Black Petrel off the BARC Review List

To: <>
Subject: Black Petrel off the BARC Review List
From: "Dion Hobcroft" <>
Date: Sun, 2 Jun 2002 13:42:09 +1000
Hi all,

BARC has removed the Black Petrel off the Review list (Tony Palliser
pers.comm) from June 2001 as it has become clear that the species is an
annual rare visitor typically in very small numbers generally between
November and February to mostly central NSW pelagic waters.

Problems with understanding the true status of this species arise from a
lack of circulated records to BARC despite numerous reports, potential
confusion with Westland Black Petrel that seems also to beach wash in NSW in
the summer months occasionally (but nearly all sight records in winter in
central NSW in 1996 during a minor invasion) and the endangered NZ status of
both species.

It seems to me that both Black and Westland Black Petrel have recovering
populations in NZ from better protection and land management of the breeding
areas. Reporting rates of both species are increasing in Australia from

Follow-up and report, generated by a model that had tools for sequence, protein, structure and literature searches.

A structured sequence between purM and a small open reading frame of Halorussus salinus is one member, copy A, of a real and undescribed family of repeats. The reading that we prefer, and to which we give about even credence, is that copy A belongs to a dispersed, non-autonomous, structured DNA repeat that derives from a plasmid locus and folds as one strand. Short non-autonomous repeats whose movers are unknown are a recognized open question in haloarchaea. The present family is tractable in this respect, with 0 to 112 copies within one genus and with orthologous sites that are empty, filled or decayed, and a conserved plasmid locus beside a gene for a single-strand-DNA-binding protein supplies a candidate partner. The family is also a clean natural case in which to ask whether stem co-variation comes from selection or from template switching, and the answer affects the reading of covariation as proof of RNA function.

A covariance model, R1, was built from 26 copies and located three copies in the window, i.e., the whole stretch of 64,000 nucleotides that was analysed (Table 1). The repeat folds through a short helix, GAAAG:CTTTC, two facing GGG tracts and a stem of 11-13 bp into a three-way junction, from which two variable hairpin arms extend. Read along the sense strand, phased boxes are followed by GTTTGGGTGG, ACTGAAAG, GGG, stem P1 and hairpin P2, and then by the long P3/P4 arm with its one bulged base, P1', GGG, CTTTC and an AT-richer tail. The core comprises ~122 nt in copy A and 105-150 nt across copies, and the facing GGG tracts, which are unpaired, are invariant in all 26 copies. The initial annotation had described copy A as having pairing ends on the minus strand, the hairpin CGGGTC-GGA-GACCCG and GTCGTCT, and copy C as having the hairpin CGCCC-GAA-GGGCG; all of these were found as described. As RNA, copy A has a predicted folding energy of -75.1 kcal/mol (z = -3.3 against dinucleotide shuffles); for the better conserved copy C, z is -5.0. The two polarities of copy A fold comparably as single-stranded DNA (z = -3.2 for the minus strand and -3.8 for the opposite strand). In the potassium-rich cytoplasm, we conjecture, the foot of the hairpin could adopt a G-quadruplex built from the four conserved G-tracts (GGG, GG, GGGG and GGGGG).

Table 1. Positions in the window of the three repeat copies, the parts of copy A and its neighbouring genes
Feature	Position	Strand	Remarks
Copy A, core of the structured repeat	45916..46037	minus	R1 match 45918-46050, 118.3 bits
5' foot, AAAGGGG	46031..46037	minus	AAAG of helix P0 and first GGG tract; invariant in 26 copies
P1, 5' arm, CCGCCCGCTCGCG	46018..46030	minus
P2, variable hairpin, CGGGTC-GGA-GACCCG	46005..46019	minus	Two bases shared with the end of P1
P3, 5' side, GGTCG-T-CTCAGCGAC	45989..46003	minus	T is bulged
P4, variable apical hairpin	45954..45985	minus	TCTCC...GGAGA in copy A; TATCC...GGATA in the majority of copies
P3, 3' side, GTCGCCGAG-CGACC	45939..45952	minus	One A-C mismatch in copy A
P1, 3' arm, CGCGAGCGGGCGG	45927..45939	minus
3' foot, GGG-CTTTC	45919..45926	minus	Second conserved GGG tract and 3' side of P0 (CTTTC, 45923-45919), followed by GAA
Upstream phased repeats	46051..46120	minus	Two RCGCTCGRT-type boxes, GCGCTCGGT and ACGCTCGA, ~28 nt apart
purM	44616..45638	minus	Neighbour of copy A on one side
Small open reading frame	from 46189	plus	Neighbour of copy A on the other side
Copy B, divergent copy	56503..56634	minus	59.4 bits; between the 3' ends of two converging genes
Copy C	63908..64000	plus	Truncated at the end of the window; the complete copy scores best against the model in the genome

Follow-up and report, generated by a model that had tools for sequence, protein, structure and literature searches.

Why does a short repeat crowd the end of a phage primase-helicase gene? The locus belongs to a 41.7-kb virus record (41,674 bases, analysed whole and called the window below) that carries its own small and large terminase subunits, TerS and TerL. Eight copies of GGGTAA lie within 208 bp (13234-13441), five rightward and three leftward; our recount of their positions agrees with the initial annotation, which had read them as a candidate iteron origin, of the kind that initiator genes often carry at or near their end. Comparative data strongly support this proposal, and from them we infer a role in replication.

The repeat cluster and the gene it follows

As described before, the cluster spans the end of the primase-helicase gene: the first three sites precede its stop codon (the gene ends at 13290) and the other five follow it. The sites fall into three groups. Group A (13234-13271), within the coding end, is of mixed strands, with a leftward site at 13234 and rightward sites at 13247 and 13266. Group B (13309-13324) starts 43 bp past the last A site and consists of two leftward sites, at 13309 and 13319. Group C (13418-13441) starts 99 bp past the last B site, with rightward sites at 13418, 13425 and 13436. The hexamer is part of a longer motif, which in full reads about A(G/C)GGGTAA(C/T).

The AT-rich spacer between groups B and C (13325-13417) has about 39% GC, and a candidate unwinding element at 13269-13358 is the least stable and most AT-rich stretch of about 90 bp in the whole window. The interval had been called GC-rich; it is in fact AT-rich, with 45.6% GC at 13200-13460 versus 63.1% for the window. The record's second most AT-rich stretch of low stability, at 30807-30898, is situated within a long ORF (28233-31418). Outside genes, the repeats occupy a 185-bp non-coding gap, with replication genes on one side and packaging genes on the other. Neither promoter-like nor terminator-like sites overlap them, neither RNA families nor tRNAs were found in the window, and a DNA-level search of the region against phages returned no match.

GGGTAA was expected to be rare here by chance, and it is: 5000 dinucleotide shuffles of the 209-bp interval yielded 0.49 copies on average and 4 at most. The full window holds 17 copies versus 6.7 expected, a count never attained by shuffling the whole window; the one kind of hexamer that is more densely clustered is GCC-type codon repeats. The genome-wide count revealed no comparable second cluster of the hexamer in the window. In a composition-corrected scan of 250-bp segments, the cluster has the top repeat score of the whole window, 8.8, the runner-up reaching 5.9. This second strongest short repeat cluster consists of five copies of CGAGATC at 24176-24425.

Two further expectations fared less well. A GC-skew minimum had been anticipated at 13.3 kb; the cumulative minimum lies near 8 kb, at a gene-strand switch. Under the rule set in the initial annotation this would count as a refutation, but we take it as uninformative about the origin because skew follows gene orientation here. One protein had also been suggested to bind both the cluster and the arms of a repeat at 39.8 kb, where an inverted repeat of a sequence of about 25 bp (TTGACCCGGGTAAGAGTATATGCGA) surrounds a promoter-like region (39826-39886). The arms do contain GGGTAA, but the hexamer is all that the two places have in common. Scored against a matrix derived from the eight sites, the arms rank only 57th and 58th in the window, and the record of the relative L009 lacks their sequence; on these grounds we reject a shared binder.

better educated marine observers on more pelagic seabirding trips than ever
before. Despite increasing reporting rates observers are shying away from
submitting claims because of the paperwork concerned and the delay in
decisions being formalised. Tony has addressed the speed of the decision
making process so submitters of records can hopefully expect faster

I am not certain of the exact history but over 200 years elapsed from
Parkinson collecting a Black Petrel off Sydney in 1770 and the second
record, a sighting off Wollongong I think in November 1985. Since 1985 Black
Petrels have been reported annually in small numbers with some summer
seasons being more productive than others. This season very few were
reported (although Idid have the pleasure of being bitten by one banded by
SOSSA on Wollongong pelagic this season 23.02.02) and in the past 17 years
very few have been circulated to BARC necessitating keeping them on the
Review list until last years annual general meeting.

Unfortunately despite improving conservation measures in NZ both species are
likely to suffer from long line fishing mortality as their close relatives
Grey and White-chinned Petrel are well known victims to this practice with
real concern for their global conservation.



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